Burma

China-Backed Illegal Rare Earth Mining Surging in Northern Myanmar

By Yan Naing 15 July 2022

Illegal rare earth mining has surged in northern Kachin State since last year’s coup in areas along the border with China controlled by a militia sponsored by the Myanmar military.

Reports in The Irrawaddy and on several social media platforms indicate that mining has increased by at least five times in Pangwa in Kachin’s Chipwi Township, while there has been a rapid influx of Chinese workers.

The unregulated mining of rare earth minerals for export to China is irreparably damaging the environment. Significantly, Myanmar is China’s largest source of rare earth minerals, accounting for over half of its supplies. The long-term consequences of such mining will certainly be felt in Myanmar, while China walks away with the profits.

In 2016, Chinese mining companies entered Pangwa looking for rare earth minerals after the ruling Communist Party of China (CPC) cracked down on illegal mining in China.

Consequently, China became heavily dependent on medium and heavy rare earth minerals from Myanmar. By 2018, Myanmar was the largest exporter of the minerals to China. In the first week of December 2021, the CPC-run newspaper Global Times reported that, in 2020, imports of rare earth minerals from Myanmar rose by 23 per cent year on year to around 35,500 tons, accounting for 74 per cent of all imports.

Heavy rare earth minerals are exported to China for refining and processing and then sold globally. Exports to China of rare earths, which are used in smart phones, electric cars and other high-tech products, have steadily increased with Myanmar exporting more than 140,000 tons of rare earth deposits, worth more than US$1 billion, between May 2017 and October 2021, an official Chinese statement said.

A rare earth mineral mine in Pangwa in Kachin State. / Kachin Wave

The United States Geological Survey estimated that about 240,000 tons of rare earth minerals were mined globally in 2020, with China accounting for 140,000 tons, followed by the United States with 38,000 tons and Myanmar with 30,000 tons. Although China is the world’s largest producer of rare earth minerals, it buys the ore from Myanmar, exploiting its cheaper labor.

Around ten rare earth mineral mines have been opened near the Myanmar-China border in Zam Nau, according to the Transparency and Accountability Network Kachin. Zam Nau is controlled by the Myanmar military-affiliated militia, the New Democratic Army Kachin (NDA-K).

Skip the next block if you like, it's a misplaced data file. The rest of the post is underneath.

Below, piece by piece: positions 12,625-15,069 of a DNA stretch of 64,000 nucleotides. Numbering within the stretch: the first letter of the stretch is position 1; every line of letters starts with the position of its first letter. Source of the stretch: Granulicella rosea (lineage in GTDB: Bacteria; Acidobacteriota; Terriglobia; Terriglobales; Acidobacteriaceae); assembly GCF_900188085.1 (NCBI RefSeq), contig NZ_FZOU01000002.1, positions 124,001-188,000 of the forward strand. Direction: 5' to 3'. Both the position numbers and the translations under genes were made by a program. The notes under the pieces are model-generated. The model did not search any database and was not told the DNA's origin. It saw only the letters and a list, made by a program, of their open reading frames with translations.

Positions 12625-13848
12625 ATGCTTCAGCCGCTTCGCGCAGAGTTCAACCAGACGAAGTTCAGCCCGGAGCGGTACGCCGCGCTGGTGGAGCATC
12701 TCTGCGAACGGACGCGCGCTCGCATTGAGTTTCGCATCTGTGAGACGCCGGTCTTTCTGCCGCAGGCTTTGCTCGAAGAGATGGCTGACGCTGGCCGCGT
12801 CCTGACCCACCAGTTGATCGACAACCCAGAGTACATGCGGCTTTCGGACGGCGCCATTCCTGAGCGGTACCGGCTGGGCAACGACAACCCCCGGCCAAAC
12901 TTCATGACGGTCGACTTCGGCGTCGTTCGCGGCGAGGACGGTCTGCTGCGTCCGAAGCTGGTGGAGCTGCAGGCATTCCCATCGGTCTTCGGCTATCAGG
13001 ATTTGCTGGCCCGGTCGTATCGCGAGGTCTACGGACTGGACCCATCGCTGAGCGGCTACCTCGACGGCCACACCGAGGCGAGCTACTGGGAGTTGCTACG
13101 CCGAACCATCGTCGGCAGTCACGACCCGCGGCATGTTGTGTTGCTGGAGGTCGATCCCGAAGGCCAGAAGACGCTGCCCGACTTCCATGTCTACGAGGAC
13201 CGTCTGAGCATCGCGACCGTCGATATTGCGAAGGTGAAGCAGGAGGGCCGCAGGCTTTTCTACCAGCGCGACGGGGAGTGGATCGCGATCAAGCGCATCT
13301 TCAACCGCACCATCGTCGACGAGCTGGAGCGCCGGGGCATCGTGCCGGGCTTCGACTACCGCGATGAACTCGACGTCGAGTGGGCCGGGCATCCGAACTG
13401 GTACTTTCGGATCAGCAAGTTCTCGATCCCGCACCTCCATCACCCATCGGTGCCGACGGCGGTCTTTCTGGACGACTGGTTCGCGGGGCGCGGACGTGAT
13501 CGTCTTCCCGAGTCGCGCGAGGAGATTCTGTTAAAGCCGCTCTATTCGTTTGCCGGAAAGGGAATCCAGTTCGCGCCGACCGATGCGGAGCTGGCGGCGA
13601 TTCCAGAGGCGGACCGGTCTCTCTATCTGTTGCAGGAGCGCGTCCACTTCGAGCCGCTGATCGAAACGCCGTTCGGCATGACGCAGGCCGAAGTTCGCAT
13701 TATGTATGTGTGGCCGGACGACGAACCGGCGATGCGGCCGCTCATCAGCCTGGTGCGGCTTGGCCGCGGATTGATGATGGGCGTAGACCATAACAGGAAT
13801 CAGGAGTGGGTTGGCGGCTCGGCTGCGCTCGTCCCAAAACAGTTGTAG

Kachin environmental groups estimate that there are over 100 rare earth mineral mines around Pangwa in Chipwi Township, all controlled by the NDA-K and Chinese investors. Media in China has reported that some Chinese companies are facing rising logistical costs of exporting rare earth minerals from Myanmar since 2021. However, other reports suggest that Chinese buyers have not seen any significant decline in imports for the last two years.

For instance, Myo Ko Ko, a medical company, had been awarded a license to mine rare earth minerals in Kachin State. The licensed area is 281 acres of land in Chipwi Township, equivalent to the size of 159 football fields.

Several illegal mines with Chinese workers were found in 2019 and 2020 in Chipwi after a series of inspections, according to the Kachin State Mining Department. The Department has said that the involvement of armed groups makes regulating the industry challenging. Brang Awng of the Kachin State Working Conservation Group told The Irrawaddy that the mines cause environmental destruction by polluting waterways and groundwater. Dozens of villages in the area now suffer from polluted soil and water due to rare earth mineral mining.

Growing international demand for rare earth minerals is closely linked to illegal mining in Myanmar, and demand is increasing as developed countries shift toward technologies like electric cars and wind turbines, Yadanar Maung of rights group Justice for Myanmar told Radio Free Asia in March 2022.

The amount of hazardous waste in Myanmar was estimated at 284 million tons and radioactive waste at around 14 million tons during the period from May 2017 to Oct 2021. A worker who was involved in one of the mining operations told Radio Free Asia that five toxic chemicals, including oxalic acid and ammonium bicarbonate, are used in the mining of rare earth minerals.

There has been serious environmental damage due to unregulated mining in Kachin State.

Many of the Chinese mine owners work with local landowners and businessmen. Multiple sources confirmed that they have been involved in rare earth mining companies and profit from the exports to China. In fact, Myanmar’s rare earth mining sector is now sustained by the growing global demand for the mineral in high-tech manufacturing.

Currently, the mine owners and their associates face no restraints on their operations. Yadanar Maung of Justice for Myanmar has called on governments to act urgently in “banning the sale and import of ‘conflict minerals’.”

The long-term consequences of such activity for Myanmar will only be negative. Activists continue to ask for the destruction of the environment to stop but local villagers seem voiceless. The message is clear that major international corporations are implicated in rare earth mineral mining. A change of approach to the growing problem is now necessary.

Yan Naing is a pseudonym for a political analyst on Myanmar and China.

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